French bank Societe Generale has decided to suspend its involvement as an adviser in raising finance for the city-headquartered GVK group's Hancock Coal project in Australia.
According to a statement in the official twitter account of the French bank, "delay" in executing the project is the main reason for its opting out.
"In the context of the Alpha Coal project's delay, Societe Generale has decided, in agreement with GVK-Hancock, to suspend its mandate. The bank has therefore no involvement with the project," the Paris-based lender said.
Reacting to the announcement, GVK Hancock today said, "GVK Hancock has been working with Societe Generale on a specific element of the financing arrangements for our projects, but is not currently working on that specific work package and as such does not require their services at this time.
"The key focus for our projects at this point in time is finalising our approvals and addressing litigious challenges to our attained approvals," said Josh Euler, manager, corporate affairs, GVK Hancock Coal Pty Ltd.
GVK had, in 2011, acquired 79 per cent stake in Alpha Coal and Alpha West Coal Project and 100 per cent stake in the Kevin's Corner Project, Queensland, from Hancock Coal Pty Ltd.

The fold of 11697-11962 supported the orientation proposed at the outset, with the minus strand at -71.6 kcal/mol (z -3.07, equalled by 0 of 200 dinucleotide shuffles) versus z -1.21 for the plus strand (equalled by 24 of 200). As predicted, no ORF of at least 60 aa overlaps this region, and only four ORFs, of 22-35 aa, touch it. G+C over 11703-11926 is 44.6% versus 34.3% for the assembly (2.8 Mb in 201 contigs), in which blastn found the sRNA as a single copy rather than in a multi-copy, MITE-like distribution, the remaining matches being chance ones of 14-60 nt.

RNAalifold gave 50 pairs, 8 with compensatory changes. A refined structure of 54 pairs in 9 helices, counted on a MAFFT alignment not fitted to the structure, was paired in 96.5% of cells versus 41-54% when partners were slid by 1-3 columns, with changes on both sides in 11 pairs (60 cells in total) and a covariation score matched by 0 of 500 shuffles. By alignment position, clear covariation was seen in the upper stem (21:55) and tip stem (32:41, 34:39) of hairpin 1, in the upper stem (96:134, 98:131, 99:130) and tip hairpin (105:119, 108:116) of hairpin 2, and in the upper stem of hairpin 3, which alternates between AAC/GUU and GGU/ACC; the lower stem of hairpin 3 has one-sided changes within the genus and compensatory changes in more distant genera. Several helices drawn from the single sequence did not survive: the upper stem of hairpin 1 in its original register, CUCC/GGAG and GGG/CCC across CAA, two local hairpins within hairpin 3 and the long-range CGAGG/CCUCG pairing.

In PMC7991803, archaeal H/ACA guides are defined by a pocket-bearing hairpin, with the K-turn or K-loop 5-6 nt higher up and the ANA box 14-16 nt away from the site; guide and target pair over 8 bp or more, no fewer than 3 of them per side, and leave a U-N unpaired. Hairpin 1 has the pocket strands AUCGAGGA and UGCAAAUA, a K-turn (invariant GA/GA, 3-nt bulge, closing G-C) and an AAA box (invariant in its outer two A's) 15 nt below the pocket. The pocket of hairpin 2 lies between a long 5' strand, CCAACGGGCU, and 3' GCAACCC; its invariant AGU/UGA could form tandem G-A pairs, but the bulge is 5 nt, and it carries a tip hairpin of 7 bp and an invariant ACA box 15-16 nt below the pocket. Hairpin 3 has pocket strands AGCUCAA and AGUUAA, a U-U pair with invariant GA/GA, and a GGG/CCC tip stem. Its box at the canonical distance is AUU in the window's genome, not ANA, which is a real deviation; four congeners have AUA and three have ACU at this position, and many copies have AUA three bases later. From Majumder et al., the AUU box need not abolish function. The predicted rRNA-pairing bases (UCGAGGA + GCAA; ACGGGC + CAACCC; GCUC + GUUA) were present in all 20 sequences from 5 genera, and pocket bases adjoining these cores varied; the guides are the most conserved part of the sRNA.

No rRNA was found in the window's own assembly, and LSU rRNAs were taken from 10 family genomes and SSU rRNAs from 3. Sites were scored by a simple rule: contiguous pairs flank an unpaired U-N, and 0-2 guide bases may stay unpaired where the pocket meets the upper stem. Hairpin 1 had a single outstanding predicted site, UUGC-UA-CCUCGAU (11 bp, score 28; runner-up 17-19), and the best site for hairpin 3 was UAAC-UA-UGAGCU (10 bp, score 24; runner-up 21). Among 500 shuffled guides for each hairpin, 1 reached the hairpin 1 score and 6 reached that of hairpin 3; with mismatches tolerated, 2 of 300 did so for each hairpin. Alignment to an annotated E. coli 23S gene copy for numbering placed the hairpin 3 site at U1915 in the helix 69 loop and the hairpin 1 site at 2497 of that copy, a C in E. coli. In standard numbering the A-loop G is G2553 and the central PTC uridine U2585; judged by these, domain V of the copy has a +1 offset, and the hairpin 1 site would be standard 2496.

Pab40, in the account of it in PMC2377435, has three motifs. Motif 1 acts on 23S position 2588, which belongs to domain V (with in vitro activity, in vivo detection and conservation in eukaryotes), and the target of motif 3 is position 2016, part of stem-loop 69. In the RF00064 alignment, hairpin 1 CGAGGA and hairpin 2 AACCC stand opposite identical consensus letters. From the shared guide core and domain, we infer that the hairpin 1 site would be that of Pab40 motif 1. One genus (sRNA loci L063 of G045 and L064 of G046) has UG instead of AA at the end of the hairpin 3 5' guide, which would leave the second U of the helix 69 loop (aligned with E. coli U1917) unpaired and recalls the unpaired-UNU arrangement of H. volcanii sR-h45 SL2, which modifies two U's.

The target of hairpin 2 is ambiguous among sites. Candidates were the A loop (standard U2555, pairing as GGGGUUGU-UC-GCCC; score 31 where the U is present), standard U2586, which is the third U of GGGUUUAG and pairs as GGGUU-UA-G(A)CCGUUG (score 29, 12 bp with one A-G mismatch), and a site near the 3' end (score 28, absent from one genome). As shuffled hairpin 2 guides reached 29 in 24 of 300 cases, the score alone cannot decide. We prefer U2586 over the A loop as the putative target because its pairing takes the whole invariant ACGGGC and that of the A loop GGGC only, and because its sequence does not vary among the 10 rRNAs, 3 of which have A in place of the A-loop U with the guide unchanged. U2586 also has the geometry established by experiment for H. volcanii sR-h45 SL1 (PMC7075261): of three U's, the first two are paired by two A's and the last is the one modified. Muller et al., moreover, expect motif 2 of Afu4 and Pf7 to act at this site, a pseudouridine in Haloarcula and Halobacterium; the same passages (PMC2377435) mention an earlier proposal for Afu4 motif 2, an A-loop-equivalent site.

These projects hold estimated reserves of about 8 billion ton and a capacity of more than 80 million ton per annum.
"Once we have finalised approvals we will then execute coal off-take agreements and work to finalise financing arrangements," Euler further said.
Tim Buckley, Director of Energy Finance Studies, Australasia for the Institute for Energy Economics and Financial Analysis recently said the three Indian power and infrastructure conglomerates (Adani, GVK and Lanco Infratech) invested in Australian coal mining projects in 2011 and "each of the three project proposals have a questionable level of commercial viability and have faced a series of delays..."
All three Indian firms were already financially leveraged and yet used almost entirely debt financing for their Australian acquisitions. Since then seaborne coal price has fallen more than 50 per cent, Buckley said.